Husbands and Wives is a 1992 American film directed and written by Woody Allen. The films stars Allen, Mia Farrow, Sydney Pollack, Judy Davis, and Juliette Lewis. It was nominated for the Academy Awards for Best Actress in a Supporting Role (Judy Davis) and Best Writing, Screenplay Written Directly for the Screen (Woody Allen).
The film is about two couples: Jack (Pollack) and Sally (Davis), and Gabe (Allen) and Judy (Farrow). Gabe is an English professor at a college, Judy works at a magazine, Jack is a businessman, and Sally is a co-worker. The film starts when Jack and Sally arrive at Gabe and Judy's apartment and announce their separation. Gabe is shocked, but Judy takes the news personally and is very hurt. Still confused, they go out for dinner.
Later that night, Judy asks Gabe if he ever fantasizes about other women. Gabe brushes her questions off, and they go to bed. The next day, Gabe approaches Rain, a student of his whom he admires for her brilliant writing. Rain and Gabe go out for a walk while discussing her writing. That night, Sally goes to the apartment of a colleague.
They plan to go out together to the opera and then to dinner. Sally asks if she can use his phone, and calls Jack. Learning from him that he has met someone, she accuses him of having had an affair during their marriage. Shortly after, Gabe, Judy and Sally are out walking when they spot Jack with a younger woman. Sally departs hastily, dropping her purse and its contents while climbing into a taxi. Judy and Gabe are introduced to Jack's new girlfriend, Sam, an aerobics trainer.
While Judy and Sam shop, Gabe tells Jack that his new girlfriend is a 'cocktail waitress' and asks why he would leave Sally for her. About a week later, Judy introduces Sally to Michael (Neeson), Judy's magazine colleague. Michael asks Sally out.
Later, at a party, Sam embarrasses Jack when she defends astrology to several guests, and they get into a ferocious argument. Sam becomes hysterical outside, and Jack aggressively forces her into the car. While trying to leave Jack hits two cars. Sam gets out and screams, and again, Jack has to put her back into the car.
Cut to Michael and Sally, who are making love. It then cuts to her talking to an analyst. She then discusses her feelings about which people are hedgehogs are which are foxes. Cut back to Michael and Sally who are discussing their lovemaking. She said that they had two separate but nice experiences.
Jack goes to Sally's house, where he finds her with Michael. Jack bursts in and begins arguing with Sally and Michael. She tells Michael to go upstairs. Jack accuses her of sleeping with Michael in "their" bed. Later, Jack tells her that he wants to get back with her. The doorbell rings and it is Sam, who Jack has left in the car. She forces Jack and Sam to leave.
Meanwhile, Gabe has developed a friendship with Rain and has her read the manuscript for his working novel. She comments on its brilliance, though has several criticisms, to which Gabe becomes defensive due to its pseudo-autobiographical nature of relationships and the trivializing of affairs. At dinner, she reaches for his manuscript (his only copy) only to realize she had left it in a cab. Then a cabdriver finds the manuscript. Rain says that leaving the manuscript was somehow Freudian because she doesn't like competition. He says he doesn't need maturity lessons from a 20-year-old twit. They arrive at the cab driver's house where the driver says that Gabe has a beautiful daughter.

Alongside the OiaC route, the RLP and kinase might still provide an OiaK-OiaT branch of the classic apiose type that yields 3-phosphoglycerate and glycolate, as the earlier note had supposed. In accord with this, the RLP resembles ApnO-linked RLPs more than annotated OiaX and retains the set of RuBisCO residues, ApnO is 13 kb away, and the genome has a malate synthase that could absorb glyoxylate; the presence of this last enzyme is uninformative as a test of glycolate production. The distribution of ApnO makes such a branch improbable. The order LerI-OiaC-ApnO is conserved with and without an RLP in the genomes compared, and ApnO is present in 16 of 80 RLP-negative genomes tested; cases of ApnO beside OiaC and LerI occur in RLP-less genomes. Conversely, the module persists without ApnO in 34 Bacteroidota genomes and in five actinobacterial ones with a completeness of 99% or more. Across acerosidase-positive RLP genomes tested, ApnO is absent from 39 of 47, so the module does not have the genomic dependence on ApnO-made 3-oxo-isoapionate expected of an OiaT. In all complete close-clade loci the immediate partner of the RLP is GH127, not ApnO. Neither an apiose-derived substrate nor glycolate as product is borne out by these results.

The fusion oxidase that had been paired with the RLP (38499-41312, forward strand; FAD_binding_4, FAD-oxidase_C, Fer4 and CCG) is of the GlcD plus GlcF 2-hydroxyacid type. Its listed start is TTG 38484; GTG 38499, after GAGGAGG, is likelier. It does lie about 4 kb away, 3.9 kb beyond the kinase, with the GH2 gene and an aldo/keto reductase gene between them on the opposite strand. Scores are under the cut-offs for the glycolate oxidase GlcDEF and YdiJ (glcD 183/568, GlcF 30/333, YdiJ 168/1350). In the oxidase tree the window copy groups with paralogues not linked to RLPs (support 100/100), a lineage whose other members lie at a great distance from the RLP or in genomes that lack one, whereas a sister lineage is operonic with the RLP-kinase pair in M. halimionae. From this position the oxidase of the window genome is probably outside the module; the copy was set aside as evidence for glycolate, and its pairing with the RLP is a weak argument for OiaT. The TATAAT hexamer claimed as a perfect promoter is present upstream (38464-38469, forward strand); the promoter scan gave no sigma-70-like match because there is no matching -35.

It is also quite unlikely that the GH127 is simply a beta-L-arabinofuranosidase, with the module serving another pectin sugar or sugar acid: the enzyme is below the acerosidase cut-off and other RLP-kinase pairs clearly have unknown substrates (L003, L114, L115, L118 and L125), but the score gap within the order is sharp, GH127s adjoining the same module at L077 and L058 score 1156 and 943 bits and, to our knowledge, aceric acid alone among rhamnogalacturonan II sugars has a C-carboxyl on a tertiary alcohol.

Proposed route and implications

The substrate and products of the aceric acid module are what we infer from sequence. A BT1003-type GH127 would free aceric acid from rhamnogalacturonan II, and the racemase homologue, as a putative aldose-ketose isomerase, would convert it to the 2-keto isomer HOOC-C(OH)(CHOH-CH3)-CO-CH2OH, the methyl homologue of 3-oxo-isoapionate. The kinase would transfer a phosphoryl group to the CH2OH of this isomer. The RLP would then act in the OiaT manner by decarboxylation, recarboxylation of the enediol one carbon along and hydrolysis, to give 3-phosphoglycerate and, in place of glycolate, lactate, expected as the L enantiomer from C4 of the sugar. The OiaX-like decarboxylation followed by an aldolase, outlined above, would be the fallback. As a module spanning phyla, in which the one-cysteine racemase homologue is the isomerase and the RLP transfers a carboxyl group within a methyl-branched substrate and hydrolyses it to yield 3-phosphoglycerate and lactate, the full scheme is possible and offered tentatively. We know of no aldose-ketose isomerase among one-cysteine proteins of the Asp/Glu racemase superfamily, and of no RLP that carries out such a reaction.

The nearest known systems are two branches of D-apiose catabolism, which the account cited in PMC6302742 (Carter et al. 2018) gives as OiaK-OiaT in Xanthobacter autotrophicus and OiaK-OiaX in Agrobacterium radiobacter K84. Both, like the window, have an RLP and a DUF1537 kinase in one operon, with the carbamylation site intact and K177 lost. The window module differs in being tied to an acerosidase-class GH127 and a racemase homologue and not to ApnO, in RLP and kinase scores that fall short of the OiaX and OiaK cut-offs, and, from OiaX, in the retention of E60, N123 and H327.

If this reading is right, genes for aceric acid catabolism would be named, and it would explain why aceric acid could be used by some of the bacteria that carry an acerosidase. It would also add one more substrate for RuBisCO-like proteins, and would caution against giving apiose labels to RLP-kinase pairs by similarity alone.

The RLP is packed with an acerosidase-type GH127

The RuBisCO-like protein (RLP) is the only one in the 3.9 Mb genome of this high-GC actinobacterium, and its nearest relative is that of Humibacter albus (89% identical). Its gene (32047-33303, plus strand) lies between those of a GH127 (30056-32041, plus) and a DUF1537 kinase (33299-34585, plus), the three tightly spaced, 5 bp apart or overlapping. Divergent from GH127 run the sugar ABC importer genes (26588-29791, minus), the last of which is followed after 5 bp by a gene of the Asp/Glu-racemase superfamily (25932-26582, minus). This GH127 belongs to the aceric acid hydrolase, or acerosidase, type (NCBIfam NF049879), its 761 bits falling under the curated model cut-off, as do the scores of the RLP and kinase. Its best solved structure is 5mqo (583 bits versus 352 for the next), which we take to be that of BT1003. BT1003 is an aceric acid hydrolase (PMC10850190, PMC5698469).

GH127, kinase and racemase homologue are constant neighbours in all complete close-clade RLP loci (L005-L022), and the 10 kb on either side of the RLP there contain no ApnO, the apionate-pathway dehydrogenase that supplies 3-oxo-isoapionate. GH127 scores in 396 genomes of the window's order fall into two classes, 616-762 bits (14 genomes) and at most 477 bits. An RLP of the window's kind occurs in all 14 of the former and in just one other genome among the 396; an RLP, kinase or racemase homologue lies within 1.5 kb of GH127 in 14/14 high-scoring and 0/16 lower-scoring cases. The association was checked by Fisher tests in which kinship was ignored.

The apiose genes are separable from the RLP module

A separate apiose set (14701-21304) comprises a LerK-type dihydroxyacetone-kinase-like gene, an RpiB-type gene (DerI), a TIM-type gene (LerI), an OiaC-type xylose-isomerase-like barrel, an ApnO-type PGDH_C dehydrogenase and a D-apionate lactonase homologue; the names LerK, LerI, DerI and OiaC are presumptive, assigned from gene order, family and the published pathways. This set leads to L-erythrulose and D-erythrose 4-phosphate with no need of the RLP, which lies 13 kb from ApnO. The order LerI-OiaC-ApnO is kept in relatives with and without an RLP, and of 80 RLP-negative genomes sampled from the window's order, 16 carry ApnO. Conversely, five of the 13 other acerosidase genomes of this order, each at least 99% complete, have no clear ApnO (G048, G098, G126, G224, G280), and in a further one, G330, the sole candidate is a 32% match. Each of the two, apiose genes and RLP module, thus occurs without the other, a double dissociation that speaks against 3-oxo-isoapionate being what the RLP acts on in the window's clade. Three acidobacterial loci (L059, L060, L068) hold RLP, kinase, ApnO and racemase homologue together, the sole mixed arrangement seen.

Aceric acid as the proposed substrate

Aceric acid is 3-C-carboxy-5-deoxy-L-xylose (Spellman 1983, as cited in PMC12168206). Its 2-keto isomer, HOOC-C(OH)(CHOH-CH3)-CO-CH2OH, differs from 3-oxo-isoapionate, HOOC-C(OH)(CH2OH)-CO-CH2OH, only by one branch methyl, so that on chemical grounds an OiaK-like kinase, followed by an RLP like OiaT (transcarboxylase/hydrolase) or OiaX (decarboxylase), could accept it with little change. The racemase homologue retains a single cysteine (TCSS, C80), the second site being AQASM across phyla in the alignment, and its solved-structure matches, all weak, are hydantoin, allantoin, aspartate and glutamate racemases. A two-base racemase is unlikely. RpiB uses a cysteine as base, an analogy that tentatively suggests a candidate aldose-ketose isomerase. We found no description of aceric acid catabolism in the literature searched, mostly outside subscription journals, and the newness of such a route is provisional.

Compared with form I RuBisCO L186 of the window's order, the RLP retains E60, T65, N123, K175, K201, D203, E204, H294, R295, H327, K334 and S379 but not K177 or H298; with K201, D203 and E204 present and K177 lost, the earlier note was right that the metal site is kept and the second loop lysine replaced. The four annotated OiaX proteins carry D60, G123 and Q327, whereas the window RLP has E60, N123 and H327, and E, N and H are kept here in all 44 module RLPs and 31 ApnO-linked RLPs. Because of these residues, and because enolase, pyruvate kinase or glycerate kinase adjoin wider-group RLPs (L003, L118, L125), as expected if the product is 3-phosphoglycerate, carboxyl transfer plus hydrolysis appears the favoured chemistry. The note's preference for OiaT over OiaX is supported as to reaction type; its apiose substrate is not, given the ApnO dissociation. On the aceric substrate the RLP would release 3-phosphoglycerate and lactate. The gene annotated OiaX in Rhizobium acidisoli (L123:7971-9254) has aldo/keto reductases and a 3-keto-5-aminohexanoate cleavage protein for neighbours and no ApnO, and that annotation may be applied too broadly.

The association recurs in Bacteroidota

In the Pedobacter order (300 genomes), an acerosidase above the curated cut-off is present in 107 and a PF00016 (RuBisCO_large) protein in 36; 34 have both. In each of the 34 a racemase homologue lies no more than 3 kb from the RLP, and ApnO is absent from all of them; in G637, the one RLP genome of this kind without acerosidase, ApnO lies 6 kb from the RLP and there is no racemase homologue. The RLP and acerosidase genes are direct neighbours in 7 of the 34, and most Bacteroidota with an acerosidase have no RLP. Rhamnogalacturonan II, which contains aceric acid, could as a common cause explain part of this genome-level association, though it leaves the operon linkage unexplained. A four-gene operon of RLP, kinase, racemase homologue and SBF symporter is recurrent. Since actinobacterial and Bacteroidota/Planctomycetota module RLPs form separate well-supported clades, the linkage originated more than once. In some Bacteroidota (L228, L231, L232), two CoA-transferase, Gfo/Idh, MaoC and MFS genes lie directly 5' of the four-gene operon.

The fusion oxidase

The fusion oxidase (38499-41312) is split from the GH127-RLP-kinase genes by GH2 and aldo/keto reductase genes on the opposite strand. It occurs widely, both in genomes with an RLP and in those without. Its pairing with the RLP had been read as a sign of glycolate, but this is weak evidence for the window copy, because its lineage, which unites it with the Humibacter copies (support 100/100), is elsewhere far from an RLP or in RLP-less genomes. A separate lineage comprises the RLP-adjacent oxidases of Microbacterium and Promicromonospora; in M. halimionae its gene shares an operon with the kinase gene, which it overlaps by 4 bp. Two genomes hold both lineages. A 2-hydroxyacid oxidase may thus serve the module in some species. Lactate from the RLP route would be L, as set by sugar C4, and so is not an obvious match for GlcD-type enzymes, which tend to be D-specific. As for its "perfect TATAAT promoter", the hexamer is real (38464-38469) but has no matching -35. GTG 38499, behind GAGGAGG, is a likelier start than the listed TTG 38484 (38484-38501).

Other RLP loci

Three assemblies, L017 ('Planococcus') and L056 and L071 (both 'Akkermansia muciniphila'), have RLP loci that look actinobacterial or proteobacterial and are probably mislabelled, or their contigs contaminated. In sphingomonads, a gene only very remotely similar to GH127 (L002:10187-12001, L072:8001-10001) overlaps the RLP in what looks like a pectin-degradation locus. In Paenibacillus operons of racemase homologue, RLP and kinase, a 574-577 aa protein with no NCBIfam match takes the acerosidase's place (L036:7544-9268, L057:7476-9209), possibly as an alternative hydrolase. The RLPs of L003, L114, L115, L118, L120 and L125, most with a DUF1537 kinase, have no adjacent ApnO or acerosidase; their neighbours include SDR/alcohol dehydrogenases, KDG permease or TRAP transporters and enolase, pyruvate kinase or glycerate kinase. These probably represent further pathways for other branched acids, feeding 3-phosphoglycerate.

Less than two weeks later, Jack and Sally are back together and the couple meet Judy and Gabe for dinner like old times. After dinner, Judy and Gabe get into an argument about her not sharing her poetry with him, then argue about many things. (This narrative strand was used by Allen’s idol, Ingmar Bergman, in one of his most famous and acclaimed films, Scenes From a Marriage. Allen reverses it, however, as in Bergman’s film, Johan, won’t show his poetry to his wife, Marianne, whereas Judy won’t show her poetry to her husband, Gabe.) During a quiet moment Gabe suggests sex, she says "You always get sexual at the oddest times." He tries to touch her again, but she didn't want any part of it. She told him that it was over, so Gabe moved out and moved into a hotel.
Judy helps Michael to get over Sally by spending time with him.
At Rain's twenty-first birthday party hosted by Rain's parents (Blythe Danner stars as her mother), the lights go out because of a storm, and Rain asks for a "birthday kiss." Illuminated by the lightning, Gabe and Rain have a romantic moment, but afterward he tells her he cannot pursue it and leaves.
Michael tells Judy that he needs time alone. Then he told her that he couldn't help still having feelings for Sally. Judy becomes frustrated with Michael and walks out into the rain. Highlighting her "passive aggressiveness," Michael follows and begs her to stay with him. A year and a half later they marry.
At the end, we see a pensive Jack and Sally back together envying Judy and Gabe, who are ironically not together. Jack and Sally admit their marital problems will exist (ie. her frigidity is not solved), but they find they accept their problems as simply the price they have to pay to remain together.
Gabe is living alone because he says he's out of the race and doesn't want to hurt anyone. He said that he realized how much how he messed up with his relationship with Judy. The film ends on a freeze frame after Gabe pleads with the unseen documentary crew, "Can I go? Is this over?"
(Ironically, this movie debuted around the same time as Allen and Farrow's relationship ended because of rumors of his relationship with her adopted children.)